After obtaining the permit ticket from the forester and drinking some milk, we started the climb towards Tungnath, the route started just opposite the little hotel where we were, and the two dogs accompanied us, though the smaller one went back after a while and sherroo,  the big one, came all the way.(after climbing down he was rewarded with a whole pack of biscuits) Some way up, we started noticing that the trees became more and more sparse, we went off the train quite a few times, watching birds and those small cute guinea pig type creatures, here’s a pic, name it for me?
a friend found the name for me-it's the Himalayan mouse hare- ochotona Roylei
The going off the trail thing was all right at first, exciting and short. Than it dawned on me that moisture had entered my shoes, i use rubber soled heavy hunters for trekking (it has thick fabric), unlike the other members of my family, who use woodlands boots as a rule, thus mine can get wet from the inside if there is ice on the leaves/ground. First the rubber went utterly cold and than it all went through my socks, hmm... so you know, we had to stop and i had the pleasure of having my feet rubbed while i sat on an old tree stump, Worthing having ice cold toes ones in a while.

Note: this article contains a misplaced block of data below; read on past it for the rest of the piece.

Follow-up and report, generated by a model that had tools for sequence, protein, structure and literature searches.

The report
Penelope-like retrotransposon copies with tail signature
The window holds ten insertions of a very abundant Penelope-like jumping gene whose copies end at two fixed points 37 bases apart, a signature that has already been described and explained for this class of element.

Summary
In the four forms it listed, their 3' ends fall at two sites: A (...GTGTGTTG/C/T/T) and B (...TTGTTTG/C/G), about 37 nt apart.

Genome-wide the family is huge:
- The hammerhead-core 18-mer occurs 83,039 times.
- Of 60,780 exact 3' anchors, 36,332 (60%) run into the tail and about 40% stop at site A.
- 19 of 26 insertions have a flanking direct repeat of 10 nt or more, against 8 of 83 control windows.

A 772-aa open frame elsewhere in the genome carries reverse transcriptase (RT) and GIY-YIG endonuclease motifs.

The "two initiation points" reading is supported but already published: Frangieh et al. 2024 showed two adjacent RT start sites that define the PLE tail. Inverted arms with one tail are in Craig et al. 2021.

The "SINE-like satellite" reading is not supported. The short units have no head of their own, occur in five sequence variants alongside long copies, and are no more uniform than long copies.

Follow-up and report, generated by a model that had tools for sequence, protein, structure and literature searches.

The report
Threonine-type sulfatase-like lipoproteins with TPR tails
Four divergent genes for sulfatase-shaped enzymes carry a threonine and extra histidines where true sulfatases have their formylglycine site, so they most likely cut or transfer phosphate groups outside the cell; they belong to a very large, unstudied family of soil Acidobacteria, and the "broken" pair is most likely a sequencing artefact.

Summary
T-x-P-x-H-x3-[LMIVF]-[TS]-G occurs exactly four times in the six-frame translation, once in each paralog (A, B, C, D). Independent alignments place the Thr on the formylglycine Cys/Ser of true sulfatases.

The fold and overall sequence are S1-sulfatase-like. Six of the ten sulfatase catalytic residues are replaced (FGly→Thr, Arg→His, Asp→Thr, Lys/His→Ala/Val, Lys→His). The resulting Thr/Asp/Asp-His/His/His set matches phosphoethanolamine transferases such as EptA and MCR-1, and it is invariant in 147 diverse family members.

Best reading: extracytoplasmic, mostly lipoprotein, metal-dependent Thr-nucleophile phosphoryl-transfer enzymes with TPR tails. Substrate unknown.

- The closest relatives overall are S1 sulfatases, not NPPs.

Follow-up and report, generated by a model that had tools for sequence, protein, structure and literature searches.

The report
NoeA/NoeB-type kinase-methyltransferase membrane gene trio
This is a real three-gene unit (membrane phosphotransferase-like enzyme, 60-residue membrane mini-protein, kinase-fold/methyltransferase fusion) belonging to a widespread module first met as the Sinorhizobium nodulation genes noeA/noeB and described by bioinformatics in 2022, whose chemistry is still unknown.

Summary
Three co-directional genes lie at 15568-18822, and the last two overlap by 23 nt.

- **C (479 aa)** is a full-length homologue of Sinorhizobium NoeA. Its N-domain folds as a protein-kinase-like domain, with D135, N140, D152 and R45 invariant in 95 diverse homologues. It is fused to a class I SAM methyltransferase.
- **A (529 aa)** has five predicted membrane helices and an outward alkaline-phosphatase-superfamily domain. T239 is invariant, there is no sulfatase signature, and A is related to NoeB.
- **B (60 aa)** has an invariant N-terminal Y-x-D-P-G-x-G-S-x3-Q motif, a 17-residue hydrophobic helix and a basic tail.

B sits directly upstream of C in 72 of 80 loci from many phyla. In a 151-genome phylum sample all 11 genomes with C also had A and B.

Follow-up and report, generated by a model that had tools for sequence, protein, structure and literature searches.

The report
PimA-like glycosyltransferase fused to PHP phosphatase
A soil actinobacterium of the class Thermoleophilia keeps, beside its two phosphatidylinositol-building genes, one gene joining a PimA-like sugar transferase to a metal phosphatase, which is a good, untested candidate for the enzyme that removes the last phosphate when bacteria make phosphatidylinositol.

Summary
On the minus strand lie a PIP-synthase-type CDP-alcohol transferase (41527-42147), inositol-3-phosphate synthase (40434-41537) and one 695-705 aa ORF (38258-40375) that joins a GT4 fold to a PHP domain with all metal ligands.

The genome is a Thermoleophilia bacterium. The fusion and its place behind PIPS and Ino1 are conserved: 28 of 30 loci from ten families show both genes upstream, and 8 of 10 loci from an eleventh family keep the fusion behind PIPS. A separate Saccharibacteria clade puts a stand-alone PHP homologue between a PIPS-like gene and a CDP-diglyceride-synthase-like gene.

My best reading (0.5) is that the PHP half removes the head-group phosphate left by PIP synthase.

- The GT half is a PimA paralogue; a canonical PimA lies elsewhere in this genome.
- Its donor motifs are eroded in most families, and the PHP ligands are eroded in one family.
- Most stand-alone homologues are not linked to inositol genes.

From next time, Himalayas are to be walked on only in good leather shoes. I knew this time too, of course, just didn’t have the heart to buy those.
Than we continued again, it is indeed unpleasant to have your socks wet. The sun had risen now, and there was some blessedly warm sunshine here and there.  That worked wonders, the trek it self isn’t too hard, though the climb in height is considerable in the 5 km that you have to climb, the real killer was the very thin and cold air. Breathing was hard, it kept feeling like i couldn’t get enough air through no matter how much i breathed, i tried my old trick of slowing down my breathing when i feel out of breath, that only made me feel as if i was chocking, while it seemed as if it turned more colder inside my lungs each time i breathed.
Btw, keep your mouth shut and your lips sealed when you are climbing up, breathing with your mouth will break you sooner.
The feet rubbing delayed us a bit, and a group of 4 caught up with us, there was one sweet girl with a lovely smile from Israel in it (i say girl because she seemed only a little older than me), we chatted a bit, took photos for each other (she wanted a photo of her jumping in front of the snow cap of the mountain, which included a many trials and a lot of laughter-she than offered to take the photo of me and my “husband” – i had to clear that it was my dad not my husband )and played with the dog, and walked together for a while, commenting on the fog and insects and what not, exchanging cameras for comparisons etc.that is case 1, so case 1- that’s your call.